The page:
In early 1978, the collective system of agriculture introduced in the 1950s was still in place throughout China and had drained farmers’ desire to work hard. Villagers in Xiaogang, a production brigade for a large commune, received a grain allotment and cash payment based on the puny harvests of the commune as well as handouts from the government. But it was still not enough.
Facing extreme poverty and even starvation, Yan and 17 other farmers from Xiaogang made a secret pact to resist the egalitarian agricultural system, even if it could mean prison. They agreed that each household would work its own plot and sealed their agreement with red fingerprints.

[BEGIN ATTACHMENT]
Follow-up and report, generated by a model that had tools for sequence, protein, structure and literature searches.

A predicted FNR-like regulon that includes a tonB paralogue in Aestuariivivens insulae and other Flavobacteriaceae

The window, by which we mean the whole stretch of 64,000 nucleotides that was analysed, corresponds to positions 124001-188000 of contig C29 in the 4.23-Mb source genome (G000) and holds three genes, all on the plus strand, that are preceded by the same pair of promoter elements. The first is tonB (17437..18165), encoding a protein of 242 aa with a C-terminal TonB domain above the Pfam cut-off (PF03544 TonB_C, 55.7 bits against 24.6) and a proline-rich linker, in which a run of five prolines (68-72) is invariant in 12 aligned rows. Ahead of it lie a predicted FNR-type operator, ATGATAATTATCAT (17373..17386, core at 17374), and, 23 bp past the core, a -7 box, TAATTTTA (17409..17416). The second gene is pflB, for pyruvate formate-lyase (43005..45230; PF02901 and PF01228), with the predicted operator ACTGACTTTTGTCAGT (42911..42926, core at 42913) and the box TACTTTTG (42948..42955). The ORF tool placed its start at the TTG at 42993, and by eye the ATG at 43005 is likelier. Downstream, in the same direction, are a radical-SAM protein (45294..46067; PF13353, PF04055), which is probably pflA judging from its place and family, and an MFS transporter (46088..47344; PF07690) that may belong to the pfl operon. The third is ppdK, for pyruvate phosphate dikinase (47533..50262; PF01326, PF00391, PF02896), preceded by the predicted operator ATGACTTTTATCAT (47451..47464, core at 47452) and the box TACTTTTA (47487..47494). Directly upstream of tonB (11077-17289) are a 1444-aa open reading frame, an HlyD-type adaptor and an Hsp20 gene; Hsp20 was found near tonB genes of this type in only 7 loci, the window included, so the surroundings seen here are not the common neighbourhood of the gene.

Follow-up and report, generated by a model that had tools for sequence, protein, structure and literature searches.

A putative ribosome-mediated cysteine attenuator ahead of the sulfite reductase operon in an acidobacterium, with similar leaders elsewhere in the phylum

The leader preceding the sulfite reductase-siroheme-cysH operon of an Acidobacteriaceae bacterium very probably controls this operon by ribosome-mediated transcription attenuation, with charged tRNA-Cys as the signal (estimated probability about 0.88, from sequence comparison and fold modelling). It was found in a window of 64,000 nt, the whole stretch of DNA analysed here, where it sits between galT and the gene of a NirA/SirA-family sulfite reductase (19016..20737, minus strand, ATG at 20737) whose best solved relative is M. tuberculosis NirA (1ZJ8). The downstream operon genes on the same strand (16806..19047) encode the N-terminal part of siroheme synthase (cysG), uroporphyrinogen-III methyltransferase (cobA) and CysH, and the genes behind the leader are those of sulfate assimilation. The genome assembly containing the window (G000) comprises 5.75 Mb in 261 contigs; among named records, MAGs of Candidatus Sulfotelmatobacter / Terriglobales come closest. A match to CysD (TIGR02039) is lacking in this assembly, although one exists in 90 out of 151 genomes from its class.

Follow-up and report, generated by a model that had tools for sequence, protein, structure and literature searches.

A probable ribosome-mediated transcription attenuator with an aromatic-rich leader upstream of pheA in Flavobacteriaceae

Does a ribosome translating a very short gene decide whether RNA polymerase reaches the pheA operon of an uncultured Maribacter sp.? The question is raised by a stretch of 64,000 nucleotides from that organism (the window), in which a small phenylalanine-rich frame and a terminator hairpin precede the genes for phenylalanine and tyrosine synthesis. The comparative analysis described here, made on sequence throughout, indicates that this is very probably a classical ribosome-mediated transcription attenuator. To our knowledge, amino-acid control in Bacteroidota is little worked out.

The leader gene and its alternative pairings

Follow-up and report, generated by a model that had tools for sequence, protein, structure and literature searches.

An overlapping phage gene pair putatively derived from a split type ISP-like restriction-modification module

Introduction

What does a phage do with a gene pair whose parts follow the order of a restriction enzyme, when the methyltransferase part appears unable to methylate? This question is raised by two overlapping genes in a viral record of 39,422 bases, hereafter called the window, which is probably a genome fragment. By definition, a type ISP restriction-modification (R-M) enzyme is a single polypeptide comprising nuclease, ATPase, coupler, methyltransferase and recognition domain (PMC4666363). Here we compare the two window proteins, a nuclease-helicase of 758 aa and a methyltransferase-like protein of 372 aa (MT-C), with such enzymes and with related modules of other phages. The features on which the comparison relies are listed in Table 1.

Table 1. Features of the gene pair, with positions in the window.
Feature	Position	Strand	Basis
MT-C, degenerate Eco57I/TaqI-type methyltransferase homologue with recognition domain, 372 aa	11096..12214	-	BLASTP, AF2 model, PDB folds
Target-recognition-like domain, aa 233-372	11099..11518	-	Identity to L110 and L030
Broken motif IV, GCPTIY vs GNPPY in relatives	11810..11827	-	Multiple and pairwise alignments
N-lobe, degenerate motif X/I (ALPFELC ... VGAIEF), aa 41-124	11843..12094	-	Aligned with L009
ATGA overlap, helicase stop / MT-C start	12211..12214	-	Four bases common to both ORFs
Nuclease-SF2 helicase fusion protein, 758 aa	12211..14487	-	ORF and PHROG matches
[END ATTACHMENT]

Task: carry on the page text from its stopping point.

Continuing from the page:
After a record-breaking bumper harvest, the results were clear: the new system had unleashed farmers’ long dormant enthusiasm. Soon the central government gave its approval to the system, which was quickly adopted across China.
In the fall of 1981, 14 of the Xiaogang farmers involved in the pact took a group photo at the hut where the farmers had sealed their agreement. The joy of having escaped hunger and poverty was written all over their faces.